02 Nov 2021
For anybody dealing with tenancy fraud at a council or private registered provider (PRP) in the last ten years, there has been one issue that has consistently divided opinion – what is the true cost of a tenancy fraud? On first consideration this may seem like a navel gazing issue, purely academic and not relevant to the important day-to-day job of actually preventing and detecting such fraud. In reality it is fundamental to ensuring all social housing providers play their part in the fight against tenancy fraud. Let me explain why.
The starting point for tackling any type of fraud is a proper risk assessment. At its most basic, such a risk assessment considers the likelihood of the fraud occurring and the resulting cost/benefits of taking action. And this is where we reach the first problem.
When I started researching tenancy fraud back in 2009, for the Audit Commission’s series of annual publications called Protecting the Public Purse, there was only a handful of housing providers (mainly, but not exclusively, in London) who were taking effective action to tackle tenancy fraud. In other words, a proportionate response to the scale of the problem and the cost/harm done.
There were several justifications given by those housing providers who were not taking any action. Perhaps the most common comment was along the lines of “if the rent is still being paid by somebody why take action as there is no real loss”. For me, such views missed the point entirely. When a social home is unable to be accessed by those in genuine need or have a genuine right to that property, then it is those families who are the true victims. That is why it was encouraging to see many councils adopt the approach of linking the cost of homelessness, a cost that falls on local authorities, to tenancy fraud. The result was a significant increase in the resources many councils deployed to tackle tenancy fraud, resulting in a near doubling of the number of properties recovered from tenancy frauds by English councils in just four years. Outside London there was a an incredible five-fold increase in detected tenancy frauds. However, this still left many issues unresolved such as any offsetting housing benefits that relate and that old conundrum - how long does a tenancy fraud typically last for? As a result, the value that councils placed on tenancy fraud varied considerably, and perhaps unsurprisingly this resulted in significant variations in tenancy fraud detection by councils, both within and between regions.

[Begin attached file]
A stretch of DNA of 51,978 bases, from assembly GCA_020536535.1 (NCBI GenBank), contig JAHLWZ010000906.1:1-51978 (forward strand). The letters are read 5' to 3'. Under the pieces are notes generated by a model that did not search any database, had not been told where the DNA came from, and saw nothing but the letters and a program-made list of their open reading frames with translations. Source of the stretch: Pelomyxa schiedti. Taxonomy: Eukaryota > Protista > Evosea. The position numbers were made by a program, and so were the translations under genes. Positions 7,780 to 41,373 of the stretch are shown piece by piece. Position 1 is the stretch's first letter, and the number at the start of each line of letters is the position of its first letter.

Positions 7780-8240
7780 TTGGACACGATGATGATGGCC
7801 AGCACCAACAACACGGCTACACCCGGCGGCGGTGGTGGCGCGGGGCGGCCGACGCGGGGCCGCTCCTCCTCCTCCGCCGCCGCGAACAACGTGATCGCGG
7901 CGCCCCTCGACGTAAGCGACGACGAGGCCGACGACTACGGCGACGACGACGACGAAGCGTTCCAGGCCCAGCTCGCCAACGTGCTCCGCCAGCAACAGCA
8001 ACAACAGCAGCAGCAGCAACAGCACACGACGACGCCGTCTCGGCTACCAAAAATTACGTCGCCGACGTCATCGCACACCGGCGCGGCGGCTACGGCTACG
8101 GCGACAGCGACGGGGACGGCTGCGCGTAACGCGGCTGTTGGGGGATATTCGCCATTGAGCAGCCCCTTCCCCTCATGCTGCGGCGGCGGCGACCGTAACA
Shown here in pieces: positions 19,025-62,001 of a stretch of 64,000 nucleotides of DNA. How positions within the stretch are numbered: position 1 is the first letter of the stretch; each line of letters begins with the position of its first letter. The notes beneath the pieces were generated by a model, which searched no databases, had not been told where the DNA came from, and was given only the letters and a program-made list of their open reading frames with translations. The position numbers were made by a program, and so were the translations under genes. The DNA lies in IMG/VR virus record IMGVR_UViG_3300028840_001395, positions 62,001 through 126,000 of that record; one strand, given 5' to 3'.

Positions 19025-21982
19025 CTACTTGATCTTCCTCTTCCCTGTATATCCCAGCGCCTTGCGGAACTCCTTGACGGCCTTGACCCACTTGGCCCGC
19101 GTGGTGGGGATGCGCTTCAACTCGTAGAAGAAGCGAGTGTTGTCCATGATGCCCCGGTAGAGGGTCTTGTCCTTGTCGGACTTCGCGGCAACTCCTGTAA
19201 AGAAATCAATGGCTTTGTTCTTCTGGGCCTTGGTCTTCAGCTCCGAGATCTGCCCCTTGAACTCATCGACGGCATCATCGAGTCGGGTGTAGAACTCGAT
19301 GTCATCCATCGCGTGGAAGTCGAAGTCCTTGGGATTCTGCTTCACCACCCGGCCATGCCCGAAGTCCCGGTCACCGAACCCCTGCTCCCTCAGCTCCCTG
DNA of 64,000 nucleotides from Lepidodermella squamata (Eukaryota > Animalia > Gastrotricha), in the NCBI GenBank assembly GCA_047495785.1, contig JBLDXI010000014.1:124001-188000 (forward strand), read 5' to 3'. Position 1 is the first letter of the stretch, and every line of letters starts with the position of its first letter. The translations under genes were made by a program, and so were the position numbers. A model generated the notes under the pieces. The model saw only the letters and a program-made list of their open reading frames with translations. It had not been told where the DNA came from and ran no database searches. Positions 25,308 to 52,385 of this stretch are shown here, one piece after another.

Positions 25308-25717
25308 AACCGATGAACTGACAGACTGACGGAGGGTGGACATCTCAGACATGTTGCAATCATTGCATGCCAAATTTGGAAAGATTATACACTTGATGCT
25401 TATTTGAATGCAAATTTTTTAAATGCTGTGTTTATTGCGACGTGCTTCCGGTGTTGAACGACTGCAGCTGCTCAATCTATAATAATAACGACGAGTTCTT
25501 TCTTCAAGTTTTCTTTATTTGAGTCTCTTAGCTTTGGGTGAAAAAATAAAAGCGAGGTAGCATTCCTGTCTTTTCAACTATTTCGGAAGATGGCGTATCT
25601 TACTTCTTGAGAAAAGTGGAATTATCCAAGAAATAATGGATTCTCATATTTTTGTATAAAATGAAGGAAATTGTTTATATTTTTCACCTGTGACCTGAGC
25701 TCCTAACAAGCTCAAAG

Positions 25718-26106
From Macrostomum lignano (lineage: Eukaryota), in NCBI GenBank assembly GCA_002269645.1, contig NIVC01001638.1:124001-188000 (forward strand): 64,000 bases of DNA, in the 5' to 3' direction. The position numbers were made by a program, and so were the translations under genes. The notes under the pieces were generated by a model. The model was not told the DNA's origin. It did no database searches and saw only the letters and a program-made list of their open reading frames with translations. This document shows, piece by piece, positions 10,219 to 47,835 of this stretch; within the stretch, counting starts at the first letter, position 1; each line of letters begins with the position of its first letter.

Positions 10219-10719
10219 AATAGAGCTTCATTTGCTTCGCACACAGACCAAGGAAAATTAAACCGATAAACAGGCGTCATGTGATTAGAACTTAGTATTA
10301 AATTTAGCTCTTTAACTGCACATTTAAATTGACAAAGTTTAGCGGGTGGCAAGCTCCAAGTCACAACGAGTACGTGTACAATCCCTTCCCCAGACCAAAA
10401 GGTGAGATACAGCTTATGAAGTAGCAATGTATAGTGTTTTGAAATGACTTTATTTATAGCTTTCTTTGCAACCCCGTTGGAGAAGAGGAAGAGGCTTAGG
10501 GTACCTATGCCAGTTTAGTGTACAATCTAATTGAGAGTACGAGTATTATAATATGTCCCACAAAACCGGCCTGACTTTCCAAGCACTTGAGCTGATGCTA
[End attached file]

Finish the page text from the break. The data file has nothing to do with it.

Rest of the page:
For PRPs of course, the issue is different, as they do not incur homelessness costs. That was why it was so encouraging to hear some PRP Chief Executives talk about their moral duty to take action. But the same conundrum faces PRPs as councils - when undertaking a cost benefit assessment of any action to tackle tenancy fraud, what value should be given to a property recovered from a tenancy fraudster.
That was why this year we at the Tenancy Fraud Forum, in partnership with the London Boroughs Fraud Investigators Group, and supported by key stakeholders such as the Cabinet Office’s National Fraud Initiative, Chartered Institute of Housing, Northern Ireland Housing Executive (NIHE), Fraud Advisory Panel, G15 group of housing associations, Chartered Institute of Public Finance and Accountancy and Cifas, came together to research the true cost of tenancy fraud.
We quickly identified an approach and formula that the expert working group of stakeholders believed best reflected the true cost of a tenancy fraud. That formula, first pioneered by NIHE, required only minor modification to establish the national cost to the taxpayer of a tenancy fraud. The approach we developed is also flexible enough to allow individual councils to tailor the formula to identify their own local cost, should they want too.
For PRPs, we recommend using the average cost to the national taxpayer that the formula established, in effect the moral/public duty value of a tenancy fraud. However, we also suggest that when undertaking cost/benefit assessments, PRPs consider their responsibility as stewards of housing assets which they have, due to the actions of the tenancy fraudster, temporarily lost control of. This is a new concept, but fundamental to PRPs governance responsibilities.
And finally, what is the answer to the question we set ourselves at the start of the year- what is the true cost of a tenancy fraud. It is of course £42,000 per detected tenancy fraud.
Alan Bryce is the non-executive director of the Tenancy Fraud Forum.